The rise in cases of otherwise healthy young adults who have been hospitalized or even died from vaping-associated lung injury is alarming.
Many people don’t know what is contained in these vaping devices, what the reported health effects actually mean, and, most importantly, why all of this developed so quickly, considering that e-cigarettes have only been popular for fewer than 10 years.
Vaping describes the process of inhaling aerosols generated by devices such as e-cigarettes.
When e-cigarettes first came to the U.S. in 2006, many smoking cessation experts were optimistic. They viewed the delivery of nicotine through e-cigarettes to be a useful alternative to traditional cigarettes. That is because e-cigarettes did not have all of the other harmful combustion products inhaled through cigarette smoke. Since there is no doubt that smoking traditional cigarettes is harmful to your health – and the number one cause of preventable death in the U.S. – e-cigarettes were marketed as a “safer” alternative.
As an inhalation toxicologist, I study how inhaled chemicals, particles and other agents affect human health. Since e-cigarettes were introduced, I have been concerned about how the scientific community could possibly know the full spectrum of their dangers. After all, it took decades for epidemiologists to discover that regularly inhaling the smoke from burning plant material, tobacco, caused lung cancer. Why would the scientific community be so quick to assume e-cigarettes would not have hidden dangers that might take years to manifest too?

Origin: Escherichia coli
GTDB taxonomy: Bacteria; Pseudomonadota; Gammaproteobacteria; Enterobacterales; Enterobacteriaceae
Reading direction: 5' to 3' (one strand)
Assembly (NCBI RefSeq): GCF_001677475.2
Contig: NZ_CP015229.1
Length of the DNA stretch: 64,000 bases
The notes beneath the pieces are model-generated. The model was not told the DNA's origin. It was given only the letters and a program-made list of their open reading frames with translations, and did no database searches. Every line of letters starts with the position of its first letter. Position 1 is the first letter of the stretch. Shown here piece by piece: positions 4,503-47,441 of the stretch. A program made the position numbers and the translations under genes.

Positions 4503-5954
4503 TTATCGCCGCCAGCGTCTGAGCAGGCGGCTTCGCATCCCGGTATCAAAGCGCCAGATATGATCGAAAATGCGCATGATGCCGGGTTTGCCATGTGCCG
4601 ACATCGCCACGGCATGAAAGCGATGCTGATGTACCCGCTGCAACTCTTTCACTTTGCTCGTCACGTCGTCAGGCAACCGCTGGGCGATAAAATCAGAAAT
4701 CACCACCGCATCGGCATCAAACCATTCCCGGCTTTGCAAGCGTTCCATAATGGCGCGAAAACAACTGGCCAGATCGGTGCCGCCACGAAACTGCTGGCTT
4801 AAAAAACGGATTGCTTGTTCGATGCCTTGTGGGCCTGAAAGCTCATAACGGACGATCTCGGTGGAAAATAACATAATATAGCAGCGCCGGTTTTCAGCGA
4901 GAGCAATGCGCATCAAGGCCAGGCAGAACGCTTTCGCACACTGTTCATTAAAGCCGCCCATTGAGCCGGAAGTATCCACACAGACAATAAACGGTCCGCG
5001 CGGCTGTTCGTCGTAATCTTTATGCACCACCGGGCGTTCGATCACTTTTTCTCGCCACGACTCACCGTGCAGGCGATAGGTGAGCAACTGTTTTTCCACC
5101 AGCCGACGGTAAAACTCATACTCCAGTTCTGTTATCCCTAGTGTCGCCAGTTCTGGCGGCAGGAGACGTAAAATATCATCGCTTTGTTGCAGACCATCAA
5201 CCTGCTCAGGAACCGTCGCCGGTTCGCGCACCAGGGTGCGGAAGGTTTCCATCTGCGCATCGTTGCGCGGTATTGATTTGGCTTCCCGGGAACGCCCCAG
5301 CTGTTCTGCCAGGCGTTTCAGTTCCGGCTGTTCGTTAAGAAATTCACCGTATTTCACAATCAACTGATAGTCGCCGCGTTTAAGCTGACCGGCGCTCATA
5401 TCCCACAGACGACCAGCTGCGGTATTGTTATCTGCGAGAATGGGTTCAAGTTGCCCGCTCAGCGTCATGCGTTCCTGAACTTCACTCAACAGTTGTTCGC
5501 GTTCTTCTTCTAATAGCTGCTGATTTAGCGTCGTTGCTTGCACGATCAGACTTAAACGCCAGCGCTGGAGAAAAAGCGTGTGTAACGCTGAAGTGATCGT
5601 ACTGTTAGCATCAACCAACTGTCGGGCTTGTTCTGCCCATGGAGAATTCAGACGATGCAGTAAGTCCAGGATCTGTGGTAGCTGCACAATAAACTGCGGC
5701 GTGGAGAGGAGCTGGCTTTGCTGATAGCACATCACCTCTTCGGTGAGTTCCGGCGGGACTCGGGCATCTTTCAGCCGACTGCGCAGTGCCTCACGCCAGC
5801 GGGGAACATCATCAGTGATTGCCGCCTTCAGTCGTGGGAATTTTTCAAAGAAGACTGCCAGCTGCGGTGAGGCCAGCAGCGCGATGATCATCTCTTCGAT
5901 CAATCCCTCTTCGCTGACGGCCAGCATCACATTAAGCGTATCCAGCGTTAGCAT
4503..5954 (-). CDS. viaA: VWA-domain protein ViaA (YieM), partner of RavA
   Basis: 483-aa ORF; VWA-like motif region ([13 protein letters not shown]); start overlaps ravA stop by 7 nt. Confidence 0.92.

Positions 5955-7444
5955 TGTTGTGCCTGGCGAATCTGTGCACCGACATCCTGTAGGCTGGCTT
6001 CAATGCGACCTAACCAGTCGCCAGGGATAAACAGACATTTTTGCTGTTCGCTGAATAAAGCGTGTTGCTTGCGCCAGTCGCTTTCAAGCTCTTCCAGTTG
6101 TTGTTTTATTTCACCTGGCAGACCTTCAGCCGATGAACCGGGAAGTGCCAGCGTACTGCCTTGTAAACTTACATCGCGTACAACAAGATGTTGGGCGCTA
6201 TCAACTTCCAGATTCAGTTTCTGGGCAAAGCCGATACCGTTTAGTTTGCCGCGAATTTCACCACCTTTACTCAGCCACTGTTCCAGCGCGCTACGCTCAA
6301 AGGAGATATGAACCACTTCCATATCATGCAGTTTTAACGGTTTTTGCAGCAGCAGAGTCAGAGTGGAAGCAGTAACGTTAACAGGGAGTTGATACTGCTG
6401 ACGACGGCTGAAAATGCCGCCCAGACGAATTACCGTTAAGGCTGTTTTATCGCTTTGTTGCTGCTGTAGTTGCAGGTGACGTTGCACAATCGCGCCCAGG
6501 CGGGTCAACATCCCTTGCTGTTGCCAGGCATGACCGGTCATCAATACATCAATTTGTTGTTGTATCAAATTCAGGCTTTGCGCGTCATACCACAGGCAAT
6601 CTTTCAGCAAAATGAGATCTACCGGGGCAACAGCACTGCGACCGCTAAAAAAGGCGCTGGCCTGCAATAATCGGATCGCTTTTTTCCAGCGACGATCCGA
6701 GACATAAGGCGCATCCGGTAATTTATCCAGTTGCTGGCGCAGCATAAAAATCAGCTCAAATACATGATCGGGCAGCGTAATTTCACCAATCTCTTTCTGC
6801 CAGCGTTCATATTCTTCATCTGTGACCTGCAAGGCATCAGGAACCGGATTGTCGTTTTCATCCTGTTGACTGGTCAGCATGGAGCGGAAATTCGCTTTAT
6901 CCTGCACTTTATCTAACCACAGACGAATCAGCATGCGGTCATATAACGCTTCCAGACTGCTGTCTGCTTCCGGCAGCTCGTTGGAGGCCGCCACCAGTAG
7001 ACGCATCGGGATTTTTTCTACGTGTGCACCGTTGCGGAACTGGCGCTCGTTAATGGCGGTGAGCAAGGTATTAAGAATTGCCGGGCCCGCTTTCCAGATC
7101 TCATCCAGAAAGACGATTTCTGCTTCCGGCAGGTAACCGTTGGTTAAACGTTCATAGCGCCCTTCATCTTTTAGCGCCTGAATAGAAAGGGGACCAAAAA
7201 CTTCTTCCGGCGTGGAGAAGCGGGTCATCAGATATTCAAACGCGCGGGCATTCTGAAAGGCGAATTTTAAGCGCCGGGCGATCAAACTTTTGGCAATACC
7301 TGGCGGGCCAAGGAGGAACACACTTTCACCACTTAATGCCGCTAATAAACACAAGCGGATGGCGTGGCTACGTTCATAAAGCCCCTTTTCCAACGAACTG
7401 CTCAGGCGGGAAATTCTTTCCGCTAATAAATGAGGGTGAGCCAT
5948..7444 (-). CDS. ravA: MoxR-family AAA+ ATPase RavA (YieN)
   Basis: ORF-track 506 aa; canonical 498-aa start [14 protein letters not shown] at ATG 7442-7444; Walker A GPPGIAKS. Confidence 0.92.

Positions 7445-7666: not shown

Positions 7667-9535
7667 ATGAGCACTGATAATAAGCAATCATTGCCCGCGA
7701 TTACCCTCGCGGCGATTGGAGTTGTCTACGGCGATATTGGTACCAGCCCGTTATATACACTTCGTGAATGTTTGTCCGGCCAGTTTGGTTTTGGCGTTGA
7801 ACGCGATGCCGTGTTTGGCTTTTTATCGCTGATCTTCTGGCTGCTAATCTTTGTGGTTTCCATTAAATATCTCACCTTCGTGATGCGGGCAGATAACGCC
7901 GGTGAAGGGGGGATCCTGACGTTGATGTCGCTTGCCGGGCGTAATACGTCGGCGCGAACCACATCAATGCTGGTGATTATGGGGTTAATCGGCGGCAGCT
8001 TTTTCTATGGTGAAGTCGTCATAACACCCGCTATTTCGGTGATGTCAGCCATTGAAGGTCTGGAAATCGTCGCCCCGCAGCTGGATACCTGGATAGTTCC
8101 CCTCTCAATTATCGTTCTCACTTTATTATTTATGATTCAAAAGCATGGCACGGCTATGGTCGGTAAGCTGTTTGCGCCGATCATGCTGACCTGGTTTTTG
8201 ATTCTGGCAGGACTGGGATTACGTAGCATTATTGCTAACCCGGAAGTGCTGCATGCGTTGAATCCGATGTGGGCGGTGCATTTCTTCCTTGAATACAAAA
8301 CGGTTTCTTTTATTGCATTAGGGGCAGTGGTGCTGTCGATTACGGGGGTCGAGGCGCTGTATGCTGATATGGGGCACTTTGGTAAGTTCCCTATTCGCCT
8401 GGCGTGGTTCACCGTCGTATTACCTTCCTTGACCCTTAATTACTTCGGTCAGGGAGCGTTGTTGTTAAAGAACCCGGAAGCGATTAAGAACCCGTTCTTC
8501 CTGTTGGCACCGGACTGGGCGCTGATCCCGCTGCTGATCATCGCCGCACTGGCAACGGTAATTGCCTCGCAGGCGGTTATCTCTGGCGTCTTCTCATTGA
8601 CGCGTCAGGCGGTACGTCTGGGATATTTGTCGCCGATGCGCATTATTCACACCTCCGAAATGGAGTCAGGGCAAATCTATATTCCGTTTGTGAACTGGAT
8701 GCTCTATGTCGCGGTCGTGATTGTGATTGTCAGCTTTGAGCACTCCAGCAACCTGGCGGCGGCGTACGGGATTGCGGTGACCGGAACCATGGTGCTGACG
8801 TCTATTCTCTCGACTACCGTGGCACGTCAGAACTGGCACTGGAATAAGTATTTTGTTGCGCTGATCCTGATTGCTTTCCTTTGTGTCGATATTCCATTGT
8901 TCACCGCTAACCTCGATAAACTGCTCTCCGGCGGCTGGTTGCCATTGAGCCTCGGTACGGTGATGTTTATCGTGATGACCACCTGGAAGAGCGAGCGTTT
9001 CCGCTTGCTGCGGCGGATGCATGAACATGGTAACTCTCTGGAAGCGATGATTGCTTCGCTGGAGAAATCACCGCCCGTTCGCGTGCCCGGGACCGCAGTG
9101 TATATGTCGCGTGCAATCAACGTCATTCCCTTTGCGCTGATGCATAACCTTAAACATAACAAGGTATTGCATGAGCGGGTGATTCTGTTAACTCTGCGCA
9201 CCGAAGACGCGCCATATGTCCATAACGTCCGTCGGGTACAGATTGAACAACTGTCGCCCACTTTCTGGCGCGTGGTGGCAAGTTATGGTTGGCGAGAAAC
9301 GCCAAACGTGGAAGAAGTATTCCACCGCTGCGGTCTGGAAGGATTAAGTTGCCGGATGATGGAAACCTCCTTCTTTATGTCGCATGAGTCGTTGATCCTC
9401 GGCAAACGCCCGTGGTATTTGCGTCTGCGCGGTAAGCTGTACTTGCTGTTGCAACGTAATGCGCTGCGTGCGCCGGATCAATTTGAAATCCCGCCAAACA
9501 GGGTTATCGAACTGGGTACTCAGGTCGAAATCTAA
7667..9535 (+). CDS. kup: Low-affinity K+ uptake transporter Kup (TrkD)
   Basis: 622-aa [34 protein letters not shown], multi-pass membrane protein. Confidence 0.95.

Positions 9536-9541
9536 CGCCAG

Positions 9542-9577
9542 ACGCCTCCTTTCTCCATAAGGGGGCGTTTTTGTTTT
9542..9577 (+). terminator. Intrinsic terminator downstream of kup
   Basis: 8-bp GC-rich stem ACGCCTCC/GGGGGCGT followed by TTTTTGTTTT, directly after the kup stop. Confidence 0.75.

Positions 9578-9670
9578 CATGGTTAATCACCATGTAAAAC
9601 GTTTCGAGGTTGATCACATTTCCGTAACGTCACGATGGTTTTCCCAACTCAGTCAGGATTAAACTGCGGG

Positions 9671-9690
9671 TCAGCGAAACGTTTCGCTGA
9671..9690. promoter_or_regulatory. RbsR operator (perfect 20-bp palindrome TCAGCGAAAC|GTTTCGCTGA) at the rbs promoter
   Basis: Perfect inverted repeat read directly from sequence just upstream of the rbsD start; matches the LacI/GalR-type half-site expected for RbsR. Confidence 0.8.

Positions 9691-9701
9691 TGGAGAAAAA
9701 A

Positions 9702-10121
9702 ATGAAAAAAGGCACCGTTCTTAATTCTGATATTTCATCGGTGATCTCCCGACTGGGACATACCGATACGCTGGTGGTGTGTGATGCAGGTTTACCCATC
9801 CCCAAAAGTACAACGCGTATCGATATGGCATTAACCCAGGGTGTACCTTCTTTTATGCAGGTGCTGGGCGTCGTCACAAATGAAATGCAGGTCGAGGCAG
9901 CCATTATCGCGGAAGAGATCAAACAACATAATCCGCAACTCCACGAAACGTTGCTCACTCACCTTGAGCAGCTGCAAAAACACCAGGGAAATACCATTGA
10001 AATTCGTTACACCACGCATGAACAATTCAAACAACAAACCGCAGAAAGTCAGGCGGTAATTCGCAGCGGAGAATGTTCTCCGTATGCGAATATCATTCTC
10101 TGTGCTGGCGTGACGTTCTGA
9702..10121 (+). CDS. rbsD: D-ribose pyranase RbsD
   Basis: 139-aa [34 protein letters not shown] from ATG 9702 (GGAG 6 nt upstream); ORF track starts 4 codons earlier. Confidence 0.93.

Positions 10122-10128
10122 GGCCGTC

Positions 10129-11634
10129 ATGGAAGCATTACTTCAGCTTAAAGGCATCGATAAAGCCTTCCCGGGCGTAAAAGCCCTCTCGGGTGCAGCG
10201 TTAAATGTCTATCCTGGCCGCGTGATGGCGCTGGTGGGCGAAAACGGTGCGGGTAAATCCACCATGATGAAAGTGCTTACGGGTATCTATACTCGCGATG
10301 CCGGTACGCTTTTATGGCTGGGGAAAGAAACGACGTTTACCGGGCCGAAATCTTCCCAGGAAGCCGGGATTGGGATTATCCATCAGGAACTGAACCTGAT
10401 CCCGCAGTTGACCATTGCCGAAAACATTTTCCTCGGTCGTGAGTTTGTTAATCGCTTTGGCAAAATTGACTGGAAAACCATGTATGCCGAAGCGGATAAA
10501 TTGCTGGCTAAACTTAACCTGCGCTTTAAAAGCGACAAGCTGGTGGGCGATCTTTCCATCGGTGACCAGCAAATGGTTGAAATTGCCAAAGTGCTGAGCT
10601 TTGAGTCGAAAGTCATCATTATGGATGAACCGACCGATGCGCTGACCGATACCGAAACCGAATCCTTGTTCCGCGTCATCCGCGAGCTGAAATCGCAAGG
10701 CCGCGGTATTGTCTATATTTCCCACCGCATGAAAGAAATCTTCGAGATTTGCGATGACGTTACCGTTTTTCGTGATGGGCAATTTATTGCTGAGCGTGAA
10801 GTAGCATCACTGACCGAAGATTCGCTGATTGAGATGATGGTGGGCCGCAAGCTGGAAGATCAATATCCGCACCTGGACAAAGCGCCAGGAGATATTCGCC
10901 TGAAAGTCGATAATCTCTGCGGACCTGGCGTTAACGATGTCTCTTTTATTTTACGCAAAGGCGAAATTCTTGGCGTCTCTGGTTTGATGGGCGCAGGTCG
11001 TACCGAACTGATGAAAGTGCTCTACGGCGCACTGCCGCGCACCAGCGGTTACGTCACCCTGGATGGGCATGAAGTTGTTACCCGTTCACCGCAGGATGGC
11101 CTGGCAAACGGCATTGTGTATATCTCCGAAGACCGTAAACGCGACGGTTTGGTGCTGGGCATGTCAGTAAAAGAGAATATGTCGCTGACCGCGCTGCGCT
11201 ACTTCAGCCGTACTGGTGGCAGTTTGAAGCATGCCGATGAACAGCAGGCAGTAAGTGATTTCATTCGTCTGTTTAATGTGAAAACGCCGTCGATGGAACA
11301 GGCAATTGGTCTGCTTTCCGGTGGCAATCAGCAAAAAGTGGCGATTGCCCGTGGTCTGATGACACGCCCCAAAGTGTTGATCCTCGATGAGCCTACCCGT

Do e-cigarettes even work as a cessation tool?Africa Studios/Shutterstock.com
Many smokers have reported that switching from cigarettes to e-cigarettes has helped their physical well-being, including reduced coughing.
But a few randomized clinical trials examining the use of e-cigarettes as a cessation tool have shown mixed results. While some trials demonstrate a significant increase in cessation success (from 9.9% to 18%), people using e-cigarettes were much more likely to remain dependent on nicotine as compared to those randomized for more traditional nicotine replacement products, such as nicotine patch, gum and nasal spray. Or, they were more likely to relapse to using cigarettes.
In short, whether, how, and to what extent e-cigarettes have potential as a cessation tool is not yet settled, especially considering that more than 80% of smokers randomized to use e-cigarettes continued to smoke after the cessation trial.
Safer than a spitting cobra
Cessation claims aside, the messaging of e-cigarettes as a “safer” alternative may have led many of the 3.6 million teenagers in the U.S. who use e-cigarettes today to believe these devices are “safe.” “Safer” does not equal “safe,” and the messaging of “safer” was based on comparisons to cigarettes.
Public Health England, the equivalent of the FDA in the U.K., stated in 2015 that “while vaping may not be 100% safe, most of the chemicals causing smoking-related disease are absent and the chemicals that are present pose limited danger.”
This statement did not consider the fact that health effects of inhaling flavoring chemicals contained in popular e-cigarettes are completely unknown, or that heating liquids in these devices causes thermal decomposition of those e-cigarette chemicals that “pose limited danger” into known toxicants. It also did not consider that e-cigarettes are a fast evolving consumer product with ever-changing devices and chemicals, creating mixtures and exposures of unknown health consequences.